“It seems that many people have been making simple category errors with Boris. They have assumed that Dominic Cummings’s understudy has an intelligence and morality to compromise…Yet the evidence all points to something more disturbing. That beyond an ability to recite the odd Latin phrase, Boris is actually quite dim. Worse still he is totally amoral. So the very idea of him doing the right thing is a complete non-starter.” (John Crace, The Guardian, 28th May)

Just when you thought things could not get worse for our beleaguered PM, they do. Have you seen the man? Bags under his tiny dark recessed eyes, hair now so totally dishevelled he looks like the Scarecrow from the Wizard of Oz, and that terrible haunted look that pleads ‘get me out of here, Nanny, please.’ Remember Theresa May? You know, she was Prime Minster in the olden times. How she began all cheerful and relaxed and ended up looking haggard, bone weary and exhausted as she was lambasted time and again by the opposition, that is, the loony Brexiters in her own party. That took 3 years. For Bojo it’s taken a mere 6 months. Now the inmates are in charge of the asylum and there’s no Jack Nicholson to take them for a ride. In fact, the only people being taken for a ride are us, the people, and we are not buying it any more. “I mean,” says a man in a vox pop, “people won’t bother now. If Cummings can do what he wants, why can’t we? It’s one law for them and another for us.” In the opinion polls Bojo has crashed like speeding meteor. He’s in negative figures. I think back to those who looked to him to get the country back on its feet after May’s disastrous reign. “Get Boris in,” said one woman chirpily. “He’ll sort it out.” No, he won’t. He doesn’t do reality. Like Trump he lives in a bubble of his own creation, where running the country is like being on Have I Got News For You. A few quips and jokes and then on to the next show. The trouble is there is no escape from running the country. And then stuff happens, or as Harold Macmillan put it when asked what he found most difficult about being PM, “Events, dear boy. Events.” Oh dear, in a pandemic, events come thick and fast and unlike some, well, one person, poor Bojo can’t get into his car with his wife and child and drive to the safety of his own private bluebell wood. Bleary-eyed after another terrible night’s sleep, he wakes up only to find he’s still PM and no amount of clicking his red shoes will take him back to those halcyon days when he could fabricate entertaining stories for the Telegraph. Now he has to fabricate for real and he’s just not good enough. Desperate times call for desperate measures. No, he says to Laura K, at the Three-Podium Address, you can’t ask political questions of scientists. They are not politicians after all. They don’t know how to duck and dive, to answer a different question from the one asked. They will tell the truth for God’s sake. It’s a scientific question, comes back Laura, but no one hears her as he’s put her on mute. If only he could do that to the whole country, he thinks, put them on mute. That way he could attend properly to the Dom’s voice in his earpiece and maybe even understand what he’s saying, at least some of the time.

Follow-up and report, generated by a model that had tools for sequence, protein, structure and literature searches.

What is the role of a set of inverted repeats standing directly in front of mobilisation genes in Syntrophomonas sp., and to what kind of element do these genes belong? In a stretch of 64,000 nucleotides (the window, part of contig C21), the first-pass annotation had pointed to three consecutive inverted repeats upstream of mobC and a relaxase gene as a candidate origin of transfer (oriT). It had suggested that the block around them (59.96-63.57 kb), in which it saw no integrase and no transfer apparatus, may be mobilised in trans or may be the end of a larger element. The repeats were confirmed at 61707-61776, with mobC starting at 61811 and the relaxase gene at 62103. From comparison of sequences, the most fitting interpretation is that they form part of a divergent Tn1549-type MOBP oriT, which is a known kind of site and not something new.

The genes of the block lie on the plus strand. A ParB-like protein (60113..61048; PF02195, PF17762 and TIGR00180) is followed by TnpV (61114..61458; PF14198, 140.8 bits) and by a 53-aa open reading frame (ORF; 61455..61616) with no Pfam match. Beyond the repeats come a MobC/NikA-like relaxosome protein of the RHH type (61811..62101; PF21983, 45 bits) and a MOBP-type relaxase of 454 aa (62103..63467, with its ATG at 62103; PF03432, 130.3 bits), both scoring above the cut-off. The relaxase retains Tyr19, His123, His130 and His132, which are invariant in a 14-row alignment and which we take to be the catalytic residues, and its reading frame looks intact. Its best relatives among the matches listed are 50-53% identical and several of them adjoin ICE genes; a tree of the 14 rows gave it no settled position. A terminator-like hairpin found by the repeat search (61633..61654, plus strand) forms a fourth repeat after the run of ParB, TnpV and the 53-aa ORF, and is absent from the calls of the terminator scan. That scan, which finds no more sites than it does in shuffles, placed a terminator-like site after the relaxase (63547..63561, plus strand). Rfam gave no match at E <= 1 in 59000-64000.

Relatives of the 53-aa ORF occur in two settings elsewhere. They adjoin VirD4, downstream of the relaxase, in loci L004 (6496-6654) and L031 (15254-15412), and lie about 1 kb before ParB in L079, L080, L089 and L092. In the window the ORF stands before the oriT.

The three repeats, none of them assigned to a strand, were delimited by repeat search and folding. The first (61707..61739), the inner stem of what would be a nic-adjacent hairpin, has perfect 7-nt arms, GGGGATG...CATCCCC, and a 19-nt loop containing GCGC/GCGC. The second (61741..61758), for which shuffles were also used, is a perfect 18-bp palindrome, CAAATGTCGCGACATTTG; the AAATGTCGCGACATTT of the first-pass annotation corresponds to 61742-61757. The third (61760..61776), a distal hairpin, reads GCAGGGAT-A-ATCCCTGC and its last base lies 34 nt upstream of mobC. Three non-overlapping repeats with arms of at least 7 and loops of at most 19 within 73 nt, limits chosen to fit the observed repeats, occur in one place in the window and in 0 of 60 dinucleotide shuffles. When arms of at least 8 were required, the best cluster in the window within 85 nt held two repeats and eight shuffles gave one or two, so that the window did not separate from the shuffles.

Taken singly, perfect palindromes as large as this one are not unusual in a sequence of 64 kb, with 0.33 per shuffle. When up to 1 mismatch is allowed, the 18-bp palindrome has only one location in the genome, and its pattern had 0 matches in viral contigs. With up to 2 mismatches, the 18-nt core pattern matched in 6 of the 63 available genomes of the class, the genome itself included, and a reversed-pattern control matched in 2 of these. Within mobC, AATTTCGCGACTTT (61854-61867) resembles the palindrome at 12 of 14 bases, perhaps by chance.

I have heard a rumour that people who have been reading my blogs think M has all the best lines. Okay, it’s not a rumour. People have told me. To my face. On zoom anyway. As, with the exception of a brief encounter with a masked daughter brandishing a 2 metre long stick and shouting “No closer,” I haven’t faced anyone in real life apart from M for weeks. I ask her whether she thinks she has the best lines.

‘What lines? You never write what I actually say.’

‘I try to make it more interesting.’ [I’m aware that this could be misinterpreted.]

‘So, I never say anything interesting. Is that it? [See]

‘That’s not what I meant. I’m a writer. I embroider. I make things funny.’ 

“I never say anything funny. Is that what you mean.’ [This is not going well].

‘No! I mean humour is not your forte…’ [The hole is getting deeper].

‘And what is my forte as you put it.’ [Oh God!]

In desperation I clutch at the tiniest straw. ‘Putting up with me?’

‘You got it, Mr Witty Writer. That’s your forte and your fifty and your sixty.’

‘That’s quite funny, actually.’

‘So put it in the blog. At least I have actually said it.’

And so I have.

Antidote 25

This is for Colin, the Professor of Rock. It’s a young Richard Penniman on Granada TV back in the day [1964], with support from, amongst others, the oh so lovely Shirelles.

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A HUNDRED DAYS OF SOLITUDE BLOG 26

Blog Number 26 All mighty flows the DOM [Tuesday 26th May] 

I watched the Dom’s Address to the Nation. Extraordinary. First that it took place at all. Second that it was in the Rose Garden of No. 10. Not always the best spot to pick. Do you remember the Dave and Nick show there in 2010? The joshing. The fun. Little did they know how soon it all would turn into ashes for both of them. Third is the fact that he kept everyone waiting for 30 minutes. What! And this is someone whose expertise is supposedly in public relations. What message does that send? Then came the convoluted story, the twists and turns in the life of Dom, devoted father and family man. The decision to drive 260 miles north was to protect his 4 year old child. And what better way than to do so than keep him in an enclosed space for 6 hours with his ill mum? And as he was not ill with COVID himself, not then at least, he could drive. Well, he certainly would be ill after doing that. And he was. Hold on, that’s not all. It seems after discovering his wife was ill, he returned to work. Now what were the guidelines? If you a member of your family comes down with COVID-19, he or she isolates in the house and you stay at home. So, returning to No 10, that was nothing to do with protecting his child. It was all about the importance of the Dom. Without him the whole machine would grind to a halt. When he was back at No 10, he told the PM and others what he was going to do, did he? No. He told no one. After all, the Dom is accountable to nobody, only to God and not always then. But hold on again, Dominic, why not stay and look after the lovely wife and sainted child yourself? I might have got the virus. Yes. But you might not have. And even if you had, could you and wife not have coped as so many had to. But if we got too ill…Sorry, there was no one in London who could help if that had happened. Really? You are the PM’s Special Advisor. You are running the country. Was it too embarrassing to ask for help? Or was it that you are the Special One, and so don’t need to ask. So off you all go all four of you, you, wife, child and virus, to Durham where you can isolate on your parents’ estate. You even had a house to yourself and a bluebell wood to walk in on the private grounds. Now, Dom, I don’t think that plays well with the public, millions of whom don’t even have a garden of their own, never mind a bluebell wood. Shades of the duck house and the moat of days gone by. And this is just the beginning. Worse was to come.